He may have spent 22 seasons with the Detroit Tigers, but baseball great Ty Cobb got his pro start in his home state of Georgia. On April 21, 1904, he started his .366 career batting average playing for the minor league Augusta Tourists. The team was part of the Southern Atlantic League from 1904-1910 and again from 1914-1917. This was the beginning of a pro career marked by both excellence and a fierce temper. As Ty Cobb famously said of himself, “I had to fight all my life to survive. They were all against me… but I beat the bastards and left them in the ditch.”

The Ty Cobb tragedy right at the start

Fourteen months after his pro debut, Ty Cobb’s dad, an educator and politician, was shot by his stay-at-home wife. She maintained that she mistook her husband for a burglar.

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A month later Cobb was sold to the Tigers, an American League team. The incident and grief dogged Cobb for a bit, but by 1907 he had hit his stride and earned the first of 12 batting titles. He would go on to set 90 records all told. He also earned a reputation for racist incidents and sketchy tactics, but those have been heavily disputed and proven untrue by modern journalists and researchers.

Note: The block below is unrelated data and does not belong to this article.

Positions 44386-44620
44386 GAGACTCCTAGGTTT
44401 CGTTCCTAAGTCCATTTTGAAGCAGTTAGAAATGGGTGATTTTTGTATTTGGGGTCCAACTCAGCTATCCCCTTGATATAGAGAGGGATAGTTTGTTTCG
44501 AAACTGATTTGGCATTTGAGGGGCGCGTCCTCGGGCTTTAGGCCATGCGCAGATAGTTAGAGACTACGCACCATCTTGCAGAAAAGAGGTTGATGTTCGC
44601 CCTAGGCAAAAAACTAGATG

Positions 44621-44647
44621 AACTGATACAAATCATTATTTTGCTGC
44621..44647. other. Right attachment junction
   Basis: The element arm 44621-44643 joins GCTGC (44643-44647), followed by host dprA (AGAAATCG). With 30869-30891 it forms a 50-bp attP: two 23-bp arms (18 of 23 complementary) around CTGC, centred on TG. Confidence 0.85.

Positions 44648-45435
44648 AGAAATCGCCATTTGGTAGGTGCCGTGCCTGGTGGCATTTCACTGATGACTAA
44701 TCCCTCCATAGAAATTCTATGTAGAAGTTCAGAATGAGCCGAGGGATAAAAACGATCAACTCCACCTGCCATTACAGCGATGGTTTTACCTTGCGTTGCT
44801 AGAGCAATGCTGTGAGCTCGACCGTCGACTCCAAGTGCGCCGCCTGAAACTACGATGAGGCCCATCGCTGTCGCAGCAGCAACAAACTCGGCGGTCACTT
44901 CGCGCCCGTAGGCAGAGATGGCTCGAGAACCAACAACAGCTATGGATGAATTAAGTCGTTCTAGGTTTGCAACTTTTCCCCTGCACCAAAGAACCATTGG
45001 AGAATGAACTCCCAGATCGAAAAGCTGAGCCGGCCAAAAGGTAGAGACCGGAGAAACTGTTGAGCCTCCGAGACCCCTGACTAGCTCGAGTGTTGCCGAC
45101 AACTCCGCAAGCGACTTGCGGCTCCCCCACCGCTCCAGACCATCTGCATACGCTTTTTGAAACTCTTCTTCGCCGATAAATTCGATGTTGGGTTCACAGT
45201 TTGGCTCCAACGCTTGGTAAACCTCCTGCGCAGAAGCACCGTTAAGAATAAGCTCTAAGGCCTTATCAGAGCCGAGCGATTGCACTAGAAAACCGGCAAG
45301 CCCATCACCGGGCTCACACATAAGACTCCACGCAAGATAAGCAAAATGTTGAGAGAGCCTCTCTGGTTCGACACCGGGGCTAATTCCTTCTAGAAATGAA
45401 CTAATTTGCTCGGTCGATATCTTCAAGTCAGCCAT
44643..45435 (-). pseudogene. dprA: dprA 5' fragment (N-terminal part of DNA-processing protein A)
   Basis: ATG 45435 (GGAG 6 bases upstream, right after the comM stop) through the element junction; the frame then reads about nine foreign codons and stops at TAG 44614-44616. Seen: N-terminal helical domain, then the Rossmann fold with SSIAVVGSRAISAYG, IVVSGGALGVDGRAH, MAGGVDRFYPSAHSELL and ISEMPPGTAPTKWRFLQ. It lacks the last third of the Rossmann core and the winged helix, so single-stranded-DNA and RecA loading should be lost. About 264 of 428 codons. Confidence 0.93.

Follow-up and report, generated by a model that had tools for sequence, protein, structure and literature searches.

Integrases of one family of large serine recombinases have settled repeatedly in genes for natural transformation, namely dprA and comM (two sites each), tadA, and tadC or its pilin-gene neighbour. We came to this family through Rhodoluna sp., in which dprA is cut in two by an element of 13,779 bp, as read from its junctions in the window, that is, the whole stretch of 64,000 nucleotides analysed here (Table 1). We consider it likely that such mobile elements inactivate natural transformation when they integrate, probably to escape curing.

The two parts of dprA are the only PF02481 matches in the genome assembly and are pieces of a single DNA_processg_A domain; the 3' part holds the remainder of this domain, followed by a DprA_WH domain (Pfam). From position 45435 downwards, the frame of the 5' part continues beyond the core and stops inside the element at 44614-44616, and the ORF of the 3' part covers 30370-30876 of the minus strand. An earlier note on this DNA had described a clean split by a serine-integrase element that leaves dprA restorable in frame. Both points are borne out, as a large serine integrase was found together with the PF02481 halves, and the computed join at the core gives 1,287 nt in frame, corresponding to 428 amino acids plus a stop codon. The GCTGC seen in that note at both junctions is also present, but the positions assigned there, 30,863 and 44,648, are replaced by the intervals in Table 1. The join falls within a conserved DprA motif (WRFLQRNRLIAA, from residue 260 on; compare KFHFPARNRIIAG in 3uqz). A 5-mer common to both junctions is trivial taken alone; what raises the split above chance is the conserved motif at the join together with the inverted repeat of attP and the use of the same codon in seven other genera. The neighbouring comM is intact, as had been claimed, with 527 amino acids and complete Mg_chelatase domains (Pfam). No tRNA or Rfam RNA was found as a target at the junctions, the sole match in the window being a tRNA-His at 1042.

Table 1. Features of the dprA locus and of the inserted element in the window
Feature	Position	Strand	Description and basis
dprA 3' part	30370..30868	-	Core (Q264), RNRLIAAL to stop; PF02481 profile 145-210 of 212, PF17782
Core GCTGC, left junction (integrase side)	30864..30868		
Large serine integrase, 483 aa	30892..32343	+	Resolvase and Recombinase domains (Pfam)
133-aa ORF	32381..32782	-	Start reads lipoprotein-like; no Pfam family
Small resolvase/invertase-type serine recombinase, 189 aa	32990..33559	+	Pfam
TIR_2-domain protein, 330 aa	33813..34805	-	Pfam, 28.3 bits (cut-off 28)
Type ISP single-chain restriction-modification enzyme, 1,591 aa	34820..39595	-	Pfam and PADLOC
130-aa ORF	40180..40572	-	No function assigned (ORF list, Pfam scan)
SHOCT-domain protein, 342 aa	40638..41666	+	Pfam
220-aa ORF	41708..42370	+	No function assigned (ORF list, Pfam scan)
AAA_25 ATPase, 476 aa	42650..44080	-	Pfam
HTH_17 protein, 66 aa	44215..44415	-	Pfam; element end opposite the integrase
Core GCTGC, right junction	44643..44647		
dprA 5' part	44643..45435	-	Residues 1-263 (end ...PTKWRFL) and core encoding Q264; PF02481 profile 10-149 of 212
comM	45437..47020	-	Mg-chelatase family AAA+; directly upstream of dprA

Lots of records and a lengthy career

Cobb played a quality game for a long, long time. More than 24 years after his debut, in 1928, he stole home for the 50th (and last) time, for example. He was 41. In 1936, he was one of the first class of players ever elected to the Baseball Hall of Fame, along with Babe Ruth, Honus Wagner, Christy Mathewson, and Walter Johnson. It would be 1985 before Pete Rose would overcome Cobb’s career hit record, 24 years after Cobb died of prostate cancer in Atlanta at age 74.